The United States Forest Service recently announced it has lifted the closure order for Cloud Cap Road located on the northeastern flank of Mount Hood in the Hood River Ranger District of the Mt. Hood National Forest.
The 9-mile forest service road, which provides vehicular access to popular attractions such as the historic Cloud Cap Inn and the Tilly Jane cabin, was closed in July 2013 over concerns that trees killed by the 2008 Gnarl Ridge fire would finally topple and fall across the road. The closure, which banned road access by all methods of travel, canceled plans made by the forest service to guide tours at Cloud Cap Inn last summer.
Logging operations commenced in October to fall the approximately 5,000 trees located within 50 feet of either side of the road that may have posed a potential danger to passersby. The logs will be decked this spring and hauled out of the forest to be used in streams for fish restoration projects.
Though the closure order has been lifted, Cloud Cap Road frequently remains impassible by car until late spring due to the snow and road conditions. The forest service often gates roads to prevent intrepid motorists from traveling on them.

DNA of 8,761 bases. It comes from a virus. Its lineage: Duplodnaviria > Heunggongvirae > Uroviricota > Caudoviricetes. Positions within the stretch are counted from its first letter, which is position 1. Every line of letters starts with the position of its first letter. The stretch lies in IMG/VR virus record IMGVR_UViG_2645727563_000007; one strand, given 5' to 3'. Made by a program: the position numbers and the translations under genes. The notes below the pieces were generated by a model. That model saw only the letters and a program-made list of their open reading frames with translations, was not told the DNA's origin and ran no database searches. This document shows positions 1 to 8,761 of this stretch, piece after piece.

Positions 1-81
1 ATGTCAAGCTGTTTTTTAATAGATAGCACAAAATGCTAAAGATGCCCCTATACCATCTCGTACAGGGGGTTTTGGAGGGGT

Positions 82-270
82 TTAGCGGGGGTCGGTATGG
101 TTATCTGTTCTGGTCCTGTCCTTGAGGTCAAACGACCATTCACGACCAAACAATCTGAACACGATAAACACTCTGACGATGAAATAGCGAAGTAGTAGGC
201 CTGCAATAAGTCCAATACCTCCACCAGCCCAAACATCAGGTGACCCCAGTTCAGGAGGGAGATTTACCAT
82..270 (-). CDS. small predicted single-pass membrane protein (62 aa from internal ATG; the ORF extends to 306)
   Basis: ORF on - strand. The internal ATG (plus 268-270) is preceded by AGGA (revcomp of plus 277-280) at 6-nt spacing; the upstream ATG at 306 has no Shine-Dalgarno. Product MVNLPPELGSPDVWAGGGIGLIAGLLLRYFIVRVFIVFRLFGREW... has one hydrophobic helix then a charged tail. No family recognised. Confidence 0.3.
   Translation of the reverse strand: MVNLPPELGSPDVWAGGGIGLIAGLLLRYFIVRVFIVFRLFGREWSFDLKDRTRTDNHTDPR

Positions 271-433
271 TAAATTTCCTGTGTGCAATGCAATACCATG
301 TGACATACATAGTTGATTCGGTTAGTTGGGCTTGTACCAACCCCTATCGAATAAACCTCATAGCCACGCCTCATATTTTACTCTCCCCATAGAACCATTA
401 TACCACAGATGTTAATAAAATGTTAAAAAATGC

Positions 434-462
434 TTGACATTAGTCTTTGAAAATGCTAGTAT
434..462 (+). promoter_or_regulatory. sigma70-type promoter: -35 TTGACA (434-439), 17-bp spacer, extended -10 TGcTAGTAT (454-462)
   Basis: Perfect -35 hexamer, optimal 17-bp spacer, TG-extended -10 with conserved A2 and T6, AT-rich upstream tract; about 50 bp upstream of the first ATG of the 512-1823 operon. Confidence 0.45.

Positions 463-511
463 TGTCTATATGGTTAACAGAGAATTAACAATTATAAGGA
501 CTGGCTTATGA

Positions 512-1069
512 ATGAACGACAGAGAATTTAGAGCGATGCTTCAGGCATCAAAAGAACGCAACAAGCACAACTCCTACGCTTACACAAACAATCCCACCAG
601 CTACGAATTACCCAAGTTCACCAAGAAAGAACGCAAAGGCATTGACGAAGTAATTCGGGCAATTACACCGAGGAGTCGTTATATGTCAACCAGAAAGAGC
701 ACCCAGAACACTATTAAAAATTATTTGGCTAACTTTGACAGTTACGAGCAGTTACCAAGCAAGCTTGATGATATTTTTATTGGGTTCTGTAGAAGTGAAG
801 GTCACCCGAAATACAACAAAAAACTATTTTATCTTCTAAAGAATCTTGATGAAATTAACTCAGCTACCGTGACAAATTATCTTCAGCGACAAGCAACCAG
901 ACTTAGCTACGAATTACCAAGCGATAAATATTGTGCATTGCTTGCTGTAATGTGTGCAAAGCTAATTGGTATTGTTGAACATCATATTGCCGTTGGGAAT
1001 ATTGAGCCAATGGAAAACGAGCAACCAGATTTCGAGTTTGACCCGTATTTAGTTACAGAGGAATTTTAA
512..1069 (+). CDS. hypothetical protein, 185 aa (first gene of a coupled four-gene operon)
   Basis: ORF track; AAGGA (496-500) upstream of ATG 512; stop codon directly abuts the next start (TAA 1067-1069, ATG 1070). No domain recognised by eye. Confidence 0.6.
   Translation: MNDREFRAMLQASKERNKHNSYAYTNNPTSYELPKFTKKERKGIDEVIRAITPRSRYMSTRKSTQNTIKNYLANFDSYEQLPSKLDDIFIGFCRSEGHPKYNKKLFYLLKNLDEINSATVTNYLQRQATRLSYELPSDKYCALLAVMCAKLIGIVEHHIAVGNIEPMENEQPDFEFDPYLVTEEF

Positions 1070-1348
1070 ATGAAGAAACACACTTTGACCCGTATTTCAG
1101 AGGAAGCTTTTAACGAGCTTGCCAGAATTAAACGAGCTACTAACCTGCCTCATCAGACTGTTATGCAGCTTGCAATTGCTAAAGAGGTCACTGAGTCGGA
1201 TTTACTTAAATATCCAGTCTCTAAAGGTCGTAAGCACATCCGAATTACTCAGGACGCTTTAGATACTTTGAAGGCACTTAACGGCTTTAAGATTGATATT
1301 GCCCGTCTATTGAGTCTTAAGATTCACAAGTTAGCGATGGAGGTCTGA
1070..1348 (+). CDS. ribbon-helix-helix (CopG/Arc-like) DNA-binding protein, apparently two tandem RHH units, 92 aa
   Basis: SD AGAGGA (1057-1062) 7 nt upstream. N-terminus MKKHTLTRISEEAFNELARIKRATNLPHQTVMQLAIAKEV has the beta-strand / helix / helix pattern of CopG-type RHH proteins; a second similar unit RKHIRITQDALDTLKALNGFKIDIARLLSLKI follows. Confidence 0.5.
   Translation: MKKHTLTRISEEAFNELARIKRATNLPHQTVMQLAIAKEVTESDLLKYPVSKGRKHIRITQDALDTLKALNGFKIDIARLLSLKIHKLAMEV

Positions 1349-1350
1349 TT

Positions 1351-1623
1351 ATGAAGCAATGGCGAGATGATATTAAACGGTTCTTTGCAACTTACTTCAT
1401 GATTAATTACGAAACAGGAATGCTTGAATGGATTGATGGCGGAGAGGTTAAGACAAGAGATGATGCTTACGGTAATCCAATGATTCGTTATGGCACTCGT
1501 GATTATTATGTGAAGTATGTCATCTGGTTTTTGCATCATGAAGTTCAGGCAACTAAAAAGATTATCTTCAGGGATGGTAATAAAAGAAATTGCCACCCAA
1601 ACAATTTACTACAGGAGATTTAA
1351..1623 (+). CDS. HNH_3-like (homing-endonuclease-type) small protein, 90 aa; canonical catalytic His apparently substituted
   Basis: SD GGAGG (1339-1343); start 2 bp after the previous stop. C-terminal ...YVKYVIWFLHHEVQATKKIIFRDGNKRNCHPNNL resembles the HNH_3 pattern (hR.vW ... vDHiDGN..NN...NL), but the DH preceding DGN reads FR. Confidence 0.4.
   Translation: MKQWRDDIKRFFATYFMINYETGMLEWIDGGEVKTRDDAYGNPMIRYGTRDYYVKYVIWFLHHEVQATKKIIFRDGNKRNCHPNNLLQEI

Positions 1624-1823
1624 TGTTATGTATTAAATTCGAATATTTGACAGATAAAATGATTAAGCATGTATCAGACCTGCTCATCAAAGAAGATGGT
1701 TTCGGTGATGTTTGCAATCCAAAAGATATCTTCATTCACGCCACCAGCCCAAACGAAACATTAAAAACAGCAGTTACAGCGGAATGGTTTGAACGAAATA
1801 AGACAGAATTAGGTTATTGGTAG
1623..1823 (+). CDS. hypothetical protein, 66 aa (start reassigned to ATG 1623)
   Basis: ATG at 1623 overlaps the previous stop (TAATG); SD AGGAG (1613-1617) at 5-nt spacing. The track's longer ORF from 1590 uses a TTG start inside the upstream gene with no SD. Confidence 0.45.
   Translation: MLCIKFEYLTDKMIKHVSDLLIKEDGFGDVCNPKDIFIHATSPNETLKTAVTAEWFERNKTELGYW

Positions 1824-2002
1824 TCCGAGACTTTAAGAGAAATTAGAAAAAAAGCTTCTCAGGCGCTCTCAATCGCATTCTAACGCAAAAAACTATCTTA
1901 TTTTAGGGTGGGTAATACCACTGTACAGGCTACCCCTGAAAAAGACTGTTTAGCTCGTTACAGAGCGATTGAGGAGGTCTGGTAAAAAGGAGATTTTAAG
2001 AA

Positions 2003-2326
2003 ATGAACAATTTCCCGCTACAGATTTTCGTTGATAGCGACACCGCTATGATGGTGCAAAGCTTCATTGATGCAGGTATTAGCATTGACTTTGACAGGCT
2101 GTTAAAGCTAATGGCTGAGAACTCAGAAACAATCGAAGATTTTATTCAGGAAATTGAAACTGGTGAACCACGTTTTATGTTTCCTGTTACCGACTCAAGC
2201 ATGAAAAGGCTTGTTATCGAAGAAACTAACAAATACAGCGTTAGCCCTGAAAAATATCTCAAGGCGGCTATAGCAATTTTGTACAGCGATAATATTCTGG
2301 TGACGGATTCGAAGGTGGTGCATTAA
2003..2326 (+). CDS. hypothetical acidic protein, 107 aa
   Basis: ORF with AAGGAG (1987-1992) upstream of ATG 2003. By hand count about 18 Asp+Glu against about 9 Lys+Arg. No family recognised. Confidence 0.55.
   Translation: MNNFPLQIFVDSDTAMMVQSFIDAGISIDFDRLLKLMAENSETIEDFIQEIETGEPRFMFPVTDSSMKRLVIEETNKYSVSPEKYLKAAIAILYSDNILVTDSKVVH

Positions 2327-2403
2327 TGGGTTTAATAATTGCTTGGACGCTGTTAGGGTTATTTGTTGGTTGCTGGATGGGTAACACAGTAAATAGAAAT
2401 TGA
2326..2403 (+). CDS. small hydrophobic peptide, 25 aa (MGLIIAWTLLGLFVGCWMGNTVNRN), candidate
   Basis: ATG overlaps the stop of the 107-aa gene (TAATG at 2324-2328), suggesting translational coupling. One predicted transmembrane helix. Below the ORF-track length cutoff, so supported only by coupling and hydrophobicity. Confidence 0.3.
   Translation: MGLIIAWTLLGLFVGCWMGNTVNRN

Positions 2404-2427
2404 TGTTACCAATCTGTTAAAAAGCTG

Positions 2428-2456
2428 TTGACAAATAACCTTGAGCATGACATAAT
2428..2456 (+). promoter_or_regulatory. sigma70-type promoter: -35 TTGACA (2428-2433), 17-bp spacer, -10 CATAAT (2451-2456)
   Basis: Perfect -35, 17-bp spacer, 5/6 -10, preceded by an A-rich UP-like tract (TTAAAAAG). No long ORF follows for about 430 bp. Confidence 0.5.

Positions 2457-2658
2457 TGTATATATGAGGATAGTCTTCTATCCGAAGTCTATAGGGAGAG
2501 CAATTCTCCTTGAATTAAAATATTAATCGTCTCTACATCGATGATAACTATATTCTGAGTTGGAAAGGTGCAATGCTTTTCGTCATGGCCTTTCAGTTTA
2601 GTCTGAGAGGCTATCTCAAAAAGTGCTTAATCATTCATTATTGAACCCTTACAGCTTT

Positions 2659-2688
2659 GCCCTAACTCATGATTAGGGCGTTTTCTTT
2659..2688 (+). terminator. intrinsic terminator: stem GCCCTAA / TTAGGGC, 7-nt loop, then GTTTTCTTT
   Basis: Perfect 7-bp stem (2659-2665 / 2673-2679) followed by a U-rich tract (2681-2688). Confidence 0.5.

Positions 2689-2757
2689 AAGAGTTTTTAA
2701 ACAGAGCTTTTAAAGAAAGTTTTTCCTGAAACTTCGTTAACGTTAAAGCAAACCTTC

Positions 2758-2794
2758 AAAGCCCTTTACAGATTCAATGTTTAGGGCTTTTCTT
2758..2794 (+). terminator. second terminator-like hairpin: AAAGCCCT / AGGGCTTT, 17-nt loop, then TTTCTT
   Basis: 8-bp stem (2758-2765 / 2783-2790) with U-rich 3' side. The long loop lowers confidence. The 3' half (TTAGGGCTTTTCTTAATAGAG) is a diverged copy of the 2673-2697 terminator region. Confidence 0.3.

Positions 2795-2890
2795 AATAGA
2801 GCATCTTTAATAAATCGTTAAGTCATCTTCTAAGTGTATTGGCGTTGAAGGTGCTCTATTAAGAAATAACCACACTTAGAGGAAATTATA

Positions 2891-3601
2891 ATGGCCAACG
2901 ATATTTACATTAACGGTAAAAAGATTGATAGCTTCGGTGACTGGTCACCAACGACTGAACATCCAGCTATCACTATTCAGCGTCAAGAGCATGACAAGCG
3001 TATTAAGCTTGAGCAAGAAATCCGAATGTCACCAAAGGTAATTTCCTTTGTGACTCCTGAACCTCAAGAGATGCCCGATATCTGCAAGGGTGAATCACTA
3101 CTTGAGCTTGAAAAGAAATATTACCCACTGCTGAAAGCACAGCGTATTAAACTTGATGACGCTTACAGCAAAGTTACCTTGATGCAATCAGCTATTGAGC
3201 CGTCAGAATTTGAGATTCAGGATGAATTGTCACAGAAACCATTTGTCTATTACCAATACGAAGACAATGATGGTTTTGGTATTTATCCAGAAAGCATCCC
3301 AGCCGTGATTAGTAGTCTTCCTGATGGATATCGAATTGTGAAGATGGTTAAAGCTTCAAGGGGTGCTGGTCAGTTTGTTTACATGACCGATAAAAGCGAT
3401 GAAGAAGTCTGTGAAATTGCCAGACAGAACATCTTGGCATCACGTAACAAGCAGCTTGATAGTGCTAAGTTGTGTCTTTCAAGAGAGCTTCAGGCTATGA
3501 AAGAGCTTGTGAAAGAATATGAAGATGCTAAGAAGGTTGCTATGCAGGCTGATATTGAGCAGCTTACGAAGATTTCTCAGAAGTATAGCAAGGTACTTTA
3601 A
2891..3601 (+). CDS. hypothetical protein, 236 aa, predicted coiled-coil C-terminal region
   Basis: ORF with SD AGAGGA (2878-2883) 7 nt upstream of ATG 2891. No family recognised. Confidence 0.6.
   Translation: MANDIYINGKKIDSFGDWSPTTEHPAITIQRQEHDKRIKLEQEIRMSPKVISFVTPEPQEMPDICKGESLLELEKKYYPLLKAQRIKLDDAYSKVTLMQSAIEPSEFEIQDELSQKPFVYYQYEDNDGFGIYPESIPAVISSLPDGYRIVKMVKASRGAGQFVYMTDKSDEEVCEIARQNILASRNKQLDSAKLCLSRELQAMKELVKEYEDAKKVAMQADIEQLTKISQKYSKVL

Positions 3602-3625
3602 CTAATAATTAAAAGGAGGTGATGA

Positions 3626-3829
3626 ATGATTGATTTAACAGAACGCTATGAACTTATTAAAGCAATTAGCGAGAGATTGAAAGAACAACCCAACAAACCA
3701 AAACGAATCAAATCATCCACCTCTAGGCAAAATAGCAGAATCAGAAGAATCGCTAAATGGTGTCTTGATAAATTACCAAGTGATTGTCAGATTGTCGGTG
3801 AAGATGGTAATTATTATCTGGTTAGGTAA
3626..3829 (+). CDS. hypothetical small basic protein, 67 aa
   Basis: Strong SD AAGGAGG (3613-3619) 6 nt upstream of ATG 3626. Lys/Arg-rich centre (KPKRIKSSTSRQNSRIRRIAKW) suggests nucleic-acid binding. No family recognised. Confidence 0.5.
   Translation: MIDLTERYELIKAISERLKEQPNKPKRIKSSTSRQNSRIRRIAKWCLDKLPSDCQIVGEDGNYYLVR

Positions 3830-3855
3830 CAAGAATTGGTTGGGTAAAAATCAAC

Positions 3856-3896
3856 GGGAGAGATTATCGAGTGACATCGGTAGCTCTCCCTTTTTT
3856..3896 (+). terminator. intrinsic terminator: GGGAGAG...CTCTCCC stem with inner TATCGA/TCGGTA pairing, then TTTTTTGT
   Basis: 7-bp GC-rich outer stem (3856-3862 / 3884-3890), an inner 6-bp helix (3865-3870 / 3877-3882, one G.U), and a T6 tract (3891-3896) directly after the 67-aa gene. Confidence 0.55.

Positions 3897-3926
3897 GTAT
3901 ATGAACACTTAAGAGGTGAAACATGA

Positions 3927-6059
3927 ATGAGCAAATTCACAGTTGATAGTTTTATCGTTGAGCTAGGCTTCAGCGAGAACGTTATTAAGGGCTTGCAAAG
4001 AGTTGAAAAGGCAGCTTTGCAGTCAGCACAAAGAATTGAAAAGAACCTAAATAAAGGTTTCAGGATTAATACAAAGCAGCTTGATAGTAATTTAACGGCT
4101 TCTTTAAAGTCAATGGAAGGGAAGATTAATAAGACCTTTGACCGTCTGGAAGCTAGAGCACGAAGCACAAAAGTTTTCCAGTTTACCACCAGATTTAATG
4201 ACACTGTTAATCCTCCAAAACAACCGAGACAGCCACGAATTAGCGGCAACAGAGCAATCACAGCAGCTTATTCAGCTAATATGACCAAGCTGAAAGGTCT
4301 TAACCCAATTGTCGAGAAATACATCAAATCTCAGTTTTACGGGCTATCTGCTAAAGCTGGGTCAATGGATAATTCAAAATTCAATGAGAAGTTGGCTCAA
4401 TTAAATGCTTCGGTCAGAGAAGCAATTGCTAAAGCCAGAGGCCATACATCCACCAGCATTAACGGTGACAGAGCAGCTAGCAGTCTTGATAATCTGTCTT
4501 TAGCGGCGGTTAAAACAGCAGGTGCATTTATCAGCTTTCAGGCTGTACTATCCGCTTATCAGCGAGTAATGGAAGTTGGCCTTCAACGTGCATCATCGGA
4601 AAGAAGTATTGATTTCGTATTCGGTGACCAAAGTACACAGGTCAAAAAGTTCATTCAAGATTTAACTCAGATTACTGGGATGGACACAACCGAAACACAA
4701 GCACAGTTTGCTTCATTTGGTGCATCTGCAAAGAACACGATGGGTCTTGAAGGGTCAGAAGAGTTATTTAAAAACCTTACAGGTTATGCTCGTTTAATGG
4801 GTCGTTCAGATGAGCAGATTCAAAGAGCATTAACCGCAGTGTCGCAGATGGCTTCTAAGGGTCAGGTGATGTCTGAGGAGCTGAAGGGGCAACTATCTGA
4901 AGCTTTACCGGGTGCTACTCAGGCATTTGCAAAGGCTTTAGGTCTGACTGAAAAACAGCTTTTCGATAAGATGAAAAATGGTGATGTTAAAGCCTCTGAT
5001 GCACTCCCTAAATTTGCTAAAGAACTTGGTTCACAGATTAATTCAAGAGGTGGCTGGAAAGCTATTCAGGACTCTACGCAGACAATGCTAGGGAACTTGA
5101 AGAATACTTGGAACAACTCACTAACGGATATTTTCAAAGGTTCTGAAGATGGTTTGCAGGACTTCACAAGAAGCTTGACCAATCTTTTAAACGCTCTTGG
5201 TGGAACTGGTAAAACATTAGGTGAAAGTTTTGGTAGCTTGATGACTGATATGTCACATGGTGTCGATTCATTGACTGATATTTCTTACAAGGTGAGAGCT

Janeen Tervo, district ranger for the Hood River Ranger District, advised that the road may be periodically closed again throughout the spring, although the time and duration of the closure isn’t known at this point.
“In order to make sure the contractor can complete the work, we may need to manage traffic,” Tervo said.
“I want to keep [the closure] as simple as possible and make sure the road is open as much as possible,” she added.
Tervo also wanted people to be aware that “hazard trees are still present” outside of the 50-foot buffer on either side of Cloud Cap Road and hikers should exercise caution when entering the forest. The Gnarl Ridge fire, which was started by lightning, ended up burning over 500 acres.
Tervo expected work on decking and hauling out the logs would begin in April and the road would be fully open by the end of June, but added that timetable was contingent on how long it takes for the snow to melt and for the machines to be able to get up the road.
“It’s really dependent on the contactor and when the road dries out,” she said. “Mother Nature is the driver.”